Autonomous Platforms

Autonomous underwater vehicles (AUVs) offer a platform to sample on time/space scales unattainable by more traditional ship-based sampling campaigns. As illustrated in the Stommel plot below, many processes that we believe are integral in surface ocean biogeochemical cycling are difficult to capture using traditional techniques, but can be sampled using AUVs.


For instance, during interaction with the shelf/slope topography, a portion of tidal energy is lost to turbulence during conversion into internal waves, which lose further energy to turbulence as they move onshore. Although this mechanism likely increases the rate of vertical nutrient flux into the surface ocean over the continental shelves, we have yet to fully quantify the effect this process has on biological productivity, in part because these processes occur over time/space scales that we are unable to capture using more traditional tracer-based approaches.

I have collaborated with N. Nidzieko and A. Santoro (UCSB) to use a propelled AUV (Hydroid REMUS 600; below) capable of making simultaneous in-situ measurements of vertical turbulent mixing rate (via a microstructure shear, temperature and conductivity probes) and nitrate concentration profiles (via a SUNA nitrate sensor) to characterize internal wave structure, vertical turbulent mixing rate, and the vertical diffusive nitrate flux across the thermocline in coastal Southern California. Our goal is to quantify the effect of internal waves on vertical turbulent nutrient flux over the continental shelf edge, testing the hypothesis that tidal energy dissipation caused by the interaction with the shelf edge will increase the rate of vertical nutrient flux near the base of the euphotic zone. Check out this video produced by the URI Inner Space Center about some of our work in the North Atlantic.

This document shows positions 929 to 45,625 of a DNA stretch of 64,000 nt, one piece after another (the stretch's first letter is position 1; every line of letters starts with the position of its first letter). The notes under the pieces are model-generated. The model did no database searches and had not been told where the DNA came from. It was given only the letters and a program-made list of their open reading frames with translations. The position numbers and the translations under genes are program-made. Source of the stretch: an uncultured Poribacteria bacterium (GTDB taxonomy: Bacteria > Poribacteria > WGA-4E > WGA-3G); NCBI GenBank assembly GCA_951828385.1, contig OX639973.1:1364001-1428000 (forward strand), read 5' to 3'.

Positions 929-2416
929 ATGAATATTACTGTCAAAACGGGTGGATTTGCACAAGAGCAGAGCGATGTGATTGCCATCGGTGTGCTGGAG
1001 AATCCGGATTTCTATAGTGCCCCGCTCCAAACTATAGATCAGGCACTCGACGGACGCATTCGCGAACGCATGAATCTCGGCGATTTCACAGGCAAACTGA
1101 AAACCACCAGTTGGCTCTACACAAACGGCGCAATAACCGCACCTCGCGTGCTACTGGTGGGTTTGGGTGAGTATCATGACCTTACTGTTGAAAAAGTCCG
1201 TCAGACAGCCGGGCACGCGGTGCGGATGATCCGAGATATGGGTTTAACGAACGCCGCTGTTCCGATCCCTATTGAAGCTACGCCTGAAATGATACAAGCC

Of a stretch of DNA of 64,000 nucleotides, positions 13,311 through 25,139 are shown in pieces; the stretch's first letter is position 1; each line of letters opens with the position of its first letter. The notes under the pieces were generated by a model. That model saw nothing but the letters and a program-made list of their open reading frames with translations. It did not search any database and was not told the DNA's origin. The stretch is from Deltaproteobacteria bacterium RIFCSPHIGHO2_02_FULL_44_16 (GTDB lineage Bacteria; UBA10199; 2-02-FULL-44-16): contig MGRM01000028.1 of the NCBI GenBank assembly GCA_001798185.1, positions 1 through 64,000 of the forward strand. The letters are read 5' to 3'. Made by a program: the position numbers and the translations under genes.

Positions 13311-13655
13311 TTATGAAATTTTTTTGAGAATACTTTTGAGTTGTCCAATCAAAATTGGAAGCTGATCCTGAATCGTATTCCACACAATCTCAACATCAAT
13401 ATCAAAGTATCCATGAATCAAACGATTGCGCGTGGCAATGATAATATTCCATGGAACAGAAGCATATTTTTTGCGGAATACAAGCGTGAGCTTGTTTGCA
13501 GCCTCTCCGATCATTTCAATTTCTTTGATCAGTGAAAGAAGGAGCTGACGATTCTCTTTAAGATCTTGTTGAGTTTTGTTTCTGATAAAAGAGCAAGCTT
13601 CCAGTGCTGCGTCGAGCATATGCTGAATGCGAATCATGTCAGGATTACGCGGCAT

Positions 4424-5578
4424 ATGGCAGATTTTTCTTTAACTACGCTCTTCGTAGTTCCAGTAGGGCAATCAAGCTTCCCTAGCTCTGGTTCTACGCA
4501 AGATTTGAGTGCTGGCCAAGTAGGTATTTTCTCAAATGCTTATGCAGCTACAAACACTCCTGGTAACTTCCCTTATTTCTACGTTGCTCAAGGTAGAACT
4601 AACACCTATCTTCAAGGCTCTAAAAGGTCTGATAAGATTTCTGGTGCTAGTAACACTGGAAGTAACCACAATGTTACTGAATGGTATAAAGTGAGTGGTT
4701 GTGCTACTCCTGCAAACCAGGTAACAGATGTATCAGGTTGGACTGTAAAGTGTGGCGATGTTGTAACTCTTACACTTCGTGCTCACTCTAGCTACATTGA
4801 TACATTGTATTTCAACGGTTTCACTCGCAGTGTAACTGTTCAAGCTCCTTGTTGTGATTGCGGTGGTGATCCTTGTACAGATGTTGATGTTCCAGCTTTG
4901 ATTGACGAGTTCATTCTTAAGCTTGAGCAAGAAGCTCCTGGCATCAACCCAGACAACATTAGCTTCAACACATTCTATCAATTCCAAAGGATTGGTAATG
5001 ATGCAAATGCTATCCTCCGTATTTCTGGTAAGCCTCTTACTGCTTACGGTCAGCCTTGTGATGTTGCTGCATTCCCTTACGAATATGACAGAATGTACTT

During my graduate work, I also collaborated with members of Burt Jones’ lab (USC) to use Slocum gliders to study the hydrographic and biogeochemical variability of the San Pedro Basin throughout two upwelling seasons. Shown below is a figure from that study of density between Santa Catalina Island and the Palos Verdes peninsula. The two isopycnals in black show an near-shore upwelling event bringing deep, dense, nutrient rich, water to the surface.
Collaborators: Nicholas Nidzieko (UCSB), Alyson Santoro (UCSB), David ‘Roo’ Nicholson (WHOI), Melissa Omand (URI), Bridget Seegers (NASA), Elizabeth Teel (USC)